Abdominal pain, or stomach ache, is a common complaint that virtually everyone experiences at some point in their lives. Most of the time it is not due to any underlying condition, however, it is essential to know when abdominal pains may indicate something more serious.
Seek medical help if you experience abdominal pain that is sudden and severe (acute), or has been going on for weeks or months without improvement (chronic).
Abdominal pain can be described as:
Localised – i.e. in one part of the abdomen. This may give a clue as to the possible cause, such as gallbladder pain in the upper right area of the abdomen, or appendicitis pain in the lower right.
Generalised – when the pain is diffuse around the abdominal wall. This may be due to wind, but could also be a symptom of a serious, underlying condition, such as a bowel blockage, or inflammation of the inner membrane of the abdomen from a perforated organ (peritonitis).
Colicky pain – which comes in waves, may last for a few hours and then subsides. A good example of this is gallstones.
Crampy abdominal pain – tends to be due to wind and is often associated with loose motions. However, it can also be caused by an obstructed bowel.
If your abdominal pain persists, please seek medical attention, especially if:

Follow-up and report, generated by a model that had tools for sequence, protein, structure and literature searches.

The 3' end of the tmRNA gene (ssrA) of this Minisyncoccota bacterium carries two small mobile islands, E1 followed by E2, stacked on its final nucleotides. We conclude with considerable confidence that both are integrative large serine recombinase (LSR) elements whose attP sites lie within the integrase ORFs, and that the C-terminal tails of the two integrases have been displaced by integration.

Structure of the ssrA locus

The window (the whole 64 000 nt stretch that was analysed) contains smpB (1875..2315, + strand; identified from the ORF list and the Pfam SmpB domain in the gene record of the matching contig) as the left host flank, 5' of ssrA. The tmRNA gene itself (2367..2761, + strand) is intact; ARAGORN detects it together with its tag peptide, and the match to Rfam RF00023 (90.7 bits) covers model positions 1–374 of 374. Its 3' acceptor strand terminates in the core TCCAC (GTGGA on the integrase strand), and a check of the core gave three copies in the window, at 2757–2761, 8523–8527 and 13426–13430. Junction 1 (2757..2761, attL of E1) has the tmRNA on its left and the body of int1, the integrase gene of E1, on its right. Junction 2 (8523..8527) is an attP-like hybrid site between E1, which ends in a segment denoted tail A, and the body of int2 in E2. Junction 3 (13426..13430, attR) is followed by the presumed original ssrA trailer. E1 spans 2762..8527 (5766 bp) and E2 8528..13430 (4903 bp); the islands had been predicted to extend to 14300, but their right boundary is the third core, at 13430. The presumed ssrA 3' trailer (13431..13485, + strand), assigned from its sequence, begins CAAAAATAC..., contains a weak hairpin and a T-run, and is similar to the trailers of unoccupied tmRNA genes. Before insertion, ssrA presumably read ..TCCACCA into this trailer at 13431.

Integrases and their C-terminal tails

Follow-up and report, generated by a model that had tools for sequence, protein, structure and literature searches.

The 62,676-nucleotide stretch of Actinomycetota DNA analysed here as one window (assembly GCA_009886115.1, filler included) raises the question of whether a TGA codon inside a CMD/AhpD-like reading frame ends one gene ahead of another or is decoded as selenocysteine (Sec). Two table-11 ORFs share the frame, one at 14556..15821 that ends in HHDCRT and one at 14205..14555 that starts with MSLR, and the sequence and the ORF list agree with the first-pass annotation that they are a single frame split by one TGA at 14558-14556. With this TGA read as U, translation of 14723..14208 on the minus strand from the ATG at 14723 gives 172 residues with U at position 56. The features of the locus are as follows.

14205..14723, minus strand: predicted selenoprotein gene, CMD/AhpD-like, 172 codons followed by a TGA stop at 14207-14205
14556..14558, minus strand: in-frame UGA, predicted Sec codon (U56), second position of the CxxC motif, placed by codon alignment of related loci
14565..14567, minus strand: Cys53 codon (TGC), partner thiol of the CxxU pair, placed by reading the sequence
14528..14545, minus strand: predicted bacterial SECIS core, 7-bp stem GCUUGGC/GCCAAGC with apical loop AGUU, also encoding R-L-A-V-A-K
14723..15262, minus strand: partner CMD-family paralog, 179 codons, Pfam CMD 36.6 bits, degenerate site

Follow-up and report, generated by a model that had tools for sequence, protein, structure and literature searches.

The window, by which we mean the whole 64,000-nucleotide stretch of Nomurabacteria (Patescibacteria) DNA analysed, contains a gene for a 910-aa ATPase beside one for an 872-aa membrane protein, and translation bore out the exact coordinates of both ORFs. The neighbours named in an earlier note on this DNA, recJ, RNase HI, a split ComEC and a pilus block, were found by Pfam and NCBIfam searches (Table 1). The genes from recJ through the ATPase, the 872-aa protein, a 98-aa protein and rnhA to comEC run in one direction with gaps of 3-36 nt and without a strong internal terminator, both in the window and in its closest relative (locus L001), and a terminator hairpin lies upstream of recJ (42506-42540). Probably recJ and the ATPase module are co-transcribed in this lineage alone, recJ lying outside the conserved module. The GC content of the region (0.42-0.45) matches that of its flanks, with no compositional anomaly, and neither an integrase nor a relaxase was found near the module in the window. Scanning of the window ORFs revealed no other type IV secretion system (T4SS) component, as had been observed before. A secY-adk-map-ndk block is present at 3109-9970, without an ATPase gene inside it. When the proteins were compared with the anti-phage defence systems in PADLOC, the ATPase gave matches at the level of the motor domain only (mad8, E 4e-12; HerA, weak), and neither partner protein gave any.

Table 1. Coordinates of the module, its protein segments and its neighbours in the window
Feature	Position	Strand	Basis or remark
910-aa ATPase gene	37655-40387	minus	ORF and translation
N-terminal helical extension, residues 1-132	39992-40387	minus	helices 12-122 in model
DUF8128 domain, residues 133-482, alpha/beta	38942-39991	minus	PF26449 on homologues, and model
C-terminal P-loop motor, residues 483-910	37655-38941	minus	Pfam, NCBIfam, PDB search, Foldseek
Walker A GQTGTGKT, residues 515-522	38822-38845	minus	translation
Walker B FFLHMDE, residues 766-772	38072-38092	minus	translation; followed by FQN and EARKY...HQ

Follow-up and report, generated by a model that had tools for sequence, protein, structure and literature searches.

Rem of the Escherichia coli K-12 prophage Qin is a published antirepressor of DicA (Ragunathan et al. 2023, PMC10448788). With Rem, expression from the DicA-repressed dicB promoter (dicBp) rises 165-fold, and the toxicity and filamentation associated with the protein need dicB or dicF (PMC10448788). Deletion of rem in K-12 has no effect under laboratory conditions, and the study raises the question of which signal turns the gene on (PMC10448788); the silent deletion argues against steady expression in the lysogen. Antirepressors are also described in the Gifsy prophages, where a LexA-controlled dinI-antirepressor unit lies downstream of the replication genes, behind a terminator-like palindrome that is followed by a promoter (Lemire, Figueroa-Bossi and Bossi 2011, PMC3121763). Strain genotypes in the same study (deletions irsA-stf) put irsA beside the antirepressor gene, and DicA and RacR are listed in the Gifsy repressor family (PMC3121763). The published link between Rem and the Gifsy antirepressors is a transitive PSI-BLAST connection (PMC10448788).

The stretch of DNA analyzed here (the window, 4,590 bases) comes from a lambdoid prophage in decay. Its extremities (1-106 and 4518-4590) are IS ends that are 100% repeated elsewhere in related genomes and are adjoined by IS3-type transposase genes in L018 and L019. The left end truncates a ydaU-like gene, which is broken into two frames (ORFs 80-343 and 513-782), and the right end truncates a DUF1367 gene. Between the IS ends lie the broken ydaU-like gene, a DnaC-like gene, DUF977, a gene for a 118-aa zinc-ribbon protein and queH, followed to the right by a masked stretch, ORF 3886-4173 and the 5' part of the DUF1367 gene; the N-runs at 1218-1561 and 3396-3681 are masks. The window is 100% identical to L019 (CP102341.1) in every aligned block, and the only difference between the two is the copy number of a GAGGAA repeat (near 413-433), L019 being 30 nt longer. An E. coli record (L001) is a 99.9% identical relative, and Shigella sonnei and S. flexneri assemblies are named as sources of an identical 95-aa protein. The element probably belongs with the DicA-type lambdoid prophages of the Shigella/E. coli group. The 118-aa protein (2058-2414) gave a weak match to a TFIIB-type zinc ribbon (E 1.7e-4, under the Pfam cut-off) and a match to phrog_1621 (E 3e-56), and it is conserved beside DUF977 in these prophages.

- The pain lasts more than 2 days and is associated with nausea and vomiting
- You are also experiencing a fever, persistent bloating, passing of blood in stools or vomit
- If the abdomen is tender to touch and you find it difficult to get comfortable
- If your heart is beating very fast and/or you are having difficulty breathing
- If the pain radiates to your shoulder blades
- If you have had a recent abdominal injury
- If you are pregnant, or suspect you might be pregnant
What are common causes of abdominal pain?
Conditions that may cause abdominal pain include:
- Indigestion, sometimes referred to as dyspepsia
- Gallbladder inflammation (acute cholecystitis)
- Stomach ulcers
- Acute appendicitis
- Inflammatory bowel disease – e.g. Crohn’s disease
- Bowel obstruction
- Obstructed hernia
- Pancreatitis (inflammation of the pancreas)
- Stomach bug
- Excessive wind
- Irritable bowel syndrome
- Food poisoning
- Menstrual period cramps
- Kidney stones
- Urinary tract (“water”) infection
How is abdominal pain assessed?
There are many possible reasons for abdominal pain. If you are referred to us we will need to understand your full medical history and carry out tests to determine the cause.
These might include:
- Blood tests
- Chest and Abdominal X-rays
- Ultrasound scan
- Computed tomography (CT) scan
- Diagnostic laparoscopy
How is abdominal pain managed?
This depends on the underlying cause.
In the majority of cases, there is no serious, underlying illness and the pain is self-limiting. Some problems, such as stomach ulcers and indigestion, can be managed with medications. However, certain conditions, such as appendicitis, an obstructed hernia, or gallstones, will require surgery.
Our medical team will discuss the management plan best suited to you.
Please ensure you consult a healthcare professional before making decisions about your health.